Published July 13, 2007

Developers passing more risk to market

New ways of raising funds, like project-linked bonds, lower cost but transfer risk burden to investors


(SINGAPORE) As the property market boom here gathers steam, developers are raising funds for new projects through more innovative means, some of which pass on the risk to the wider capital markets.

The burden of financing such projects has fallen more heavily on the developers' shoulders with the growing popularity of deferred payment schemes.

When buyers pay only a fraction of the property's price upfront, it is left to the construction companies and developers to fund the land purchase and building costs before the money starts rolling in.

Instead of knocking on a bank's door the old-fashioned way, analysts say that developers find themselves increasingly encouraged to issue bonds, for example.

'The only reason why they would not rely on a bank is because the terms are much cheaper in issuing these,' said David Lum at the Daiwa Institute of Research.

Kenneth Ng at CIMB said developers have been able to borrow much more cheaply from the capital markets compared to two or three years ago, 'because there's been more liquidity in the market.'

Large developers in particular have been able to obtain highly favourable borrowing terms because they now have 'a lot of alternative avenues' to raise funds, including spinning off properties into Reits and listing them, he added.

The use of convertible bonds, which give buyers the option to exchange their bonds for shares in the issuing company, have enabled even the smaller developers such as Soilbuild Group to borrow at interest rates as low as one per cent a year.

The embedded stock option - which is especially valuable in a bull market when investors expect share prices to rise further - means that firms can offer such bonds at lower interest rates than ordinary bonds.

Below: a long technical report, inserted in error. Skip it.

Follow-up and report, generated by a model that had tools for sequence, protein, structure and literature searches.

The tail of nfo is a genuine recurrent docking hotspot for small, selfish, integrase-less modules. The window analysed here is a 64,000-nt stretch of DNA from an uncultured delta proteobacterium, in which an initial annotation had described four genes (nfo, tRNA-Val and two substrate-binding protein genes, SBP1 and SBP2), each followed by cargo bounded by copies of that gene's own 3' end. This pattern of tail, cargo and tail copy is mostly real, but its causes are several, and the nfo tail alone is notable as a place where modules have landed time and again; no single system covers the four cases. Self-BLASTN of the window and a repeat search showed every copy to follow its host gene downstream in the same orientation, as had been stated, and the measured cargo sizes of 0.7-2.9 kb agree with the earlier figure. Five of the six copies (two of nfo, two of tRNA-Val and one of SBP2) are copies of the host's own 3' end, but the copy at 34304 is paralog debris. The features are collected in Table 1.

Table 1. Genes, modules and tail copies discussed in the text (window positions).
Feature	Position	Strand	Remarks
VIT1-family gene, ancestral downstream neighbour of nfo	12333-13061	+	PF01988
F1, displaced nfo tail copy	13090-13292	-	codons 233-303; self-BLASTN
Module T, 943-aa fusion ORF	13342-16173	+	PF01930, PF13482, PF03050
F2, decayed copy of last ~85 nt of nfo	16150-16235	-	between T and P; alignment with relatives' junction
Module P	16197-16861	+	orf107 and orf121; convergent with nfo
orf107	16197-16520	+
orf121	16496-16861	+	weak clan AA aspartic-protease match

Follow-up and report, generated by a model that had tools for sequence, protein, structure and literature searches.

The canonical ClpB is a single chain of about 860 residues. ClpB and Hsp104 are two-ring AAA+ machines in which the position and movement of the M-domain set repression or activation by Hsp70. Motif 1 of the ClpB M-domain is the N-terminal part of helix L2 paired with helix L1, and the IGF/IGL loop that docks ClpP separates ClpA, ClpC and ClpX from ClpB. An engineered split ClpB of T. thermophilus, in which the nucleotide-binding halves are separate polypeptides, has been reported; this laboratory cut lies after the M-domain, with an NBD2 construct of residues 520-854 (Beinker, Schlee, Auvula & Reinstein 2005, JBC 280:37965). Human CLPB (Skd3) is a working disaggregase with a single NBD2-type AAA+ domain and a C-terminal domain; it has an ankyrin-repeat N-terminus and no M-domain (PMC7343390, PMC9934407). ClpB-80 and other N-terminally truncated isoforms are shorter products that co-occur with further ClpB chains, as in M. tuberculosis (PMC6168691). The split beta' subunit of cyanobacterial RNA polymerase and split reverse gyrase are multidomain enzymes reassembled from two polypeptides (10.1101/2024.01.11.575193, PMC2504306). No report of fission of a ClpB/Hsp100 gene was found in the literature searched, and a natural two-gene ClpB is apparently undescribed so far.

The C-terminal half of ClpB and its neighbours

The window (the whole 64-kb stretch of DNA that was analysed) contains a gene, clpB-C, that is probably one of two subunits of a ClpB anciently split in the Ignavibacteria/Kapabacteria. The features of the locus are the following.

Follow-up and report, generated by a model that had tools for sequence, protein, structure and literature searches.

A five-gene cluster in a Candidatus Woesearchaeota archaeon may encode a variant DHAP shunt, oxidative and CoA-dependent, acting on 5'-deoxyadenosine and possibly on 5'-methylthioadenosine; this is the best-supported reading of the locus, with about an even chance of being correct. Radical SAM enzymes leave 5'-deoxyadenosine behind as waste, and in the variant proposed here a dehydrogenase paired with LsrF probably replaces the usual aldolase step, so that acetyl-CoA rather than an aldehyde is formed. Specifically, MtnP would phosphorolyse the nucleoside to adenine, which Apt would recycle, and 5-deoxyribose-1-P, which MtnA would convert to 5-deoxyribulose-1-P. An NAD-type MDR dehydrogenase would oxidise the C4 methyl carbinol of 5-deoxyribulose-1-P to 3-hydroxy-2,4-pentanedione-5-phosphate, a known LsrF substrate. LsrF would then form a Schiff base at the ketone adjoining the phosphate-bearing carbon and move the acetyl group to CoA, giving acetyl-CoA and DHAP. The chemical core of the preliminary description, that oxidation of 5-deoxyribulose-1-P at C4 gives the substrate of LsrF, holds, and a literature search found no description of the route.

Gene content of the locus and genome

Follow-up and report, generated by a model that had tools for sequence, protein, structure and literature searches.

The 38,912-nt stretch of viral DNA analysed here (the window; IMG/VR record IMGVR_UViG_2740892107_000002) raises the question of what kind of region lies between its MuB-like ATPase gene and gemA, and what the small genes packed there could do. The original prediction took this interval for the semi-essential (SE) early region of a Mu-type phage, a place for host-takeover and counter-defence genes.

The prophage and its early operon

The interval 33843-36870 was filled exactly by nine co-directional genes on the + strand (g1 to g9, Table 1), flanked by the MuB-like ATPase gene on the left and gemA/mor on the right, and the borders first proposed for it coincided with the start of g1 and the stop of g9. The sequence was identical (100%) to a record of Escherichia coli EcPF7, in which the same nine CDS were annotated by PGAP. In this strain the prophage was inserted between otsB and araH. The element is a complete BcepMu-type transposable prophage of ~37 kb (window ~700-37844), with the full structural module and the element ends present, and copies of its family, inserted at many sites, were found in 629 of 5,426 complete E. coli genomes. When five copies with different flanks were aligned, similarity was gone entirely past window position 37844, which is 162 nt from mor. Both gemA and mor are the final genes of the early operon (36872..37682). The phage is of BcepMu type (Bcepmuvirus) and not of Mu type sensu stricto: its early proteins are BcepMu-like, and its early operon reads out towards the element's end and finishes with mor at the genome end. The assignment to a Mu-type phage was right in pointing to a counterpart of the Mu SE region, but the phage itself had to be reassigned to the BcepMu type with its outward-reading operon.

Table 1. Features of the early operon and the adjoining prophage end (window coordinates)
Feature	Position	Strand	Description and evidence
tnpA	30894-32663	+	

Soilbuild said earlier this week that it would issue up to $60 million worth of convertible bonds.

Other developers have raised far bigger sums recently, also through the sale of convertible bonds. CapitaLand raised $1 billion in May, while GuocoLand sold $690 million worth of convertible bonds in April.

The latest data from the Monetary Authority of Singapore (MAS) on the corporate debt market here showed that property-related Sing-dollar debt issues doubled to $4 billion last year from $2 billion in 2005.

In a report published last month, Citi economist Chua Hak Bin estimated that the average debt to equity ratio at Singapore property developers with a market capitalisation of more than $1 billion rose to 61 per cent in the first quarter, from 50 per cent a year earlier.

With homebuyers paying only 10-20 per cent of a property's price upfront in some cases, Dr Chua pointed out: 'Developers, rather than households, are bearing the financing burden of the current property boom phase,' he wrote.

Large developers such as CapitaLand and Keppel Land have also raised funds by selling securities backed by the future payments of homebuyers at specific projects.

Most recently, CapitaLand and Lippo Group raised some US$342 million selling floating-rate bonds linked to the Metropolitan and Scotts HighPark condominiums.

Investors in such asset-backed securities supply upfront working capital for the developer in exchange for regular interest payments, and they bear the risk of losing money if homebuyers in the underlying projects default on their payments.

Unlike bonds issued directly by a developer, investors in these securities have no claim on the developer's remaining assets.

CIMB's Mr Ng said developers selling asset-backed securities linked to specific projects could be trying to manage their own risk exposure.

'My guess is that there's a bigger than normal percentage of investment property buyers for these projects, so they're trying to junk off the risk from their own books.'

Under MAS rules, the sale of such securities is usually restricted to institutions or 'sophisticated' investors only. Since most are privately placed, the buyers are not known, but are believed to include foreign hedge funds keen to gain exposure to the local property sector.

Even so, in the event of a market crash resulting in widespread defaults by homebuyers - a big if for now, say analysts - these investors are likely to be caught out.

Daiwa's Mr Lum said: 'Like the sub-prime situation in the US - they're supposed to be sophisticated, but some of them got wiped out like that. It's always this risk.'

He added: 'Unlike property cycles in the past in which it's the banks that end up with the NPLs (non-performing loans), this time around, it's probably these security holders that would end up taking the hit.'